(First execution)
154220 rows selected.
Elapsed: 00:00:07.65
Execution Plan
...
Statistics
----------------------------------------------------------                                                                          
        801  recursive calls                                                                                                        
          0  db block gets                                                                                                          
      40829  consistent gets                                                                                                        
       9516  physical reads                                                                                                         
          0  redo size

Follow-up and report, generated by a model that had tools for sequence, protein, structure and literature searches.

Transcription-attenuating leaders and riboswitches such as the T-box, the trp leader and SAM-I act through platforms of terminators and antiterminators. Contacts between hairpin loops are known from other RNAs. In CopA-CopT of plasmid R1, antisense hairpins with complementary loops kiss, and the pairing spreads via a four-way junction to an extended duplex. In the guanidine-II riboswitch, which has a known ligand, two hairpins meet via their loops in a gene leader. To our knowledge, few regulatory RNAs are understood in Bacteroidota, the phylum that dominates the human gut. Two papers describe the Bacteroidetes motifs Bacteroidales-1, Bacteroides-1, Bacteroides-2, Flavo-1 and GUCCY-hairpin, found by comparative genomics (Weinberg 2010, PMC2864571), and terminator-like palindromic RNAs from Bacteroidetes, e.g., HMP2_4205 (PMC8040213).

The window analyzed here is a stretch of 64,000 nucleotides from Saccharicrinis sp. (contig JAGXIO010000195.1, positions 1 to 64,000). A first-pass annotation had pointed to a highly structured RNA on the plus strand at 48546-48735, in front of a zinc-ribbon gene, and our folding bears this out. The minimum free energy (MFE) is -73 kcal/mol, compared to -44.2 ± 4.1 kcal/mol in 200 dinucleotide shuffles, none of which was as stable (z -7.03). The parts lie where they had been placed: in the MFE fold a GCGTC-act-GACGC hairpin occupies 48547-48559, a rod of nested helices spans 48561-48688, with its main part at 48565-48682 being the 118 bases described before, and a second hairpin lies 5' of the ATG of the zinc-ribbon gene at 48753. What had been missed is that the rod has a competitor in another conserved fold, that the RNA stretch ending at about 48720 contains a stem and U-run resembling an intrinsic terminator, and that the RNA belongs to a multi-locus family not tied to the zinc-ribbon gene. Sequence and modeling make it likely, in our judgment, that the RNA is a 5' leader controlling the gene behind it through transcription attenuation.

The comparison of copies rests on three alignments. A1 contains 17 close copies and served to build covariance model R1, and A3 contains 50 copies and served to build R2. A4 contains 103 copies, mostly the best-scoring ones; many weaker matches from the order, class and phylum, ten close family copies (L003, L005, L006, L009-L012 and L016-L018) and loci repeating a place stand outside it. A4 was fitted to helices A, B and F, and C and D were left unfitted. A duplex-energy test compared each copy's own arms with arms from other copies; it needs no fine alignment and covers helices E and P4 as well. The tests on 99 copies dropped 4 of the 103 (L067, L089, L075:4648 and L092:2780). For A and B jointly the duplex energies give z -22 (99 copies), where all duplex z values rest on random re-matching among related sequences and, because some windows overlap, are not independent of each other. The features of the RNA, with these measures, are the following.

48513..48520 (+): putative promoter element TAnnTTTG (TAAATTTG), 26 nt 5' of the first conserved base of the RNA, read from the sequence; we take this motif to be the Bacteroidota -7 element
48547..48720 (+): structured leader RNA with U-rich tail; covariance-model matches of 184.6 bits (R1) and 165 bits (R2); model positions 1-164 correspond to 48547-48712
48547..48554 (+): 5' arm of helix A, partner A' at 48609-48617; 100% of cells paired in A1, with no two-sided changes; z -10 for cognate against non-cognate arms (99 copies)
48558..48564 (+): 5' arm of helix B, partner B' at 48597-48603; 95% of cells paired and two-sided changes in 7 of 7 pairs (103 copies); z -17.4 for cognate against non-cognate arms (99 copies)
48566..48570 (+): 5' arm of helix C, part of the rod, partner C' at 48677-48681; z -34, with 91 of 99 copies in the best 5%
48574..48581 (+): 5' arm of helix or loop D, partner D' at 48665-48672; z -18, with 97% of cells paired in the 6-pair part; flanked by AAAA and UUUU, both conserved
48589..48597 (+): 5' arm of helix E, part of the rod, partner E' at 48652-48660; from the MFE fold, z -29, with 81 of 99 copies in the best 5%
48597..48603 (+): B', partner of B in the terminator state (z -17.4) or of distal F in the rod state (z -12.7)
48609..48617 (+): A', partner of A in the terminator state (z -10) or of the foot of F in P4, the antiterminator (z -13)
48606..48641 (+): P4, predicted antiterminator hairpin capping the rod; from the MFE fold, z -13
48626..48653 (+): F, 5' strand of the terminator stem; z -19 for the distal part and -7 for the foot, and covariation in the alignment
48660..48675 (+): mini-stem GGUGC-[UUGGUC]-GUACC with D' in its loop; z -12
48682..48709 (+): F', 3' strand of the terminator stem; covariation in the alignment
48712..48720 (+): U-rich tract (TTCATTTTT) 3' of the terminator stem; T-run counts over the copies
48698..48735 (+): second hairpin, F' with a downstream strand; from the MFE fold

43171911  bytes sent via SQL*Net to client                                                                                       
     113475  bytes received via SQL*Net from client                                                                                 
      10283  SQL*Net roundtrips to/from client                                                                                      
        826  sorts (memory)                                                                                                         
          0  sorts (disk)                                                                                                           
     154220  rows processed                                                                                                         

(Second execution)
154220 rows selected.
Elapsed: 00:00:07.46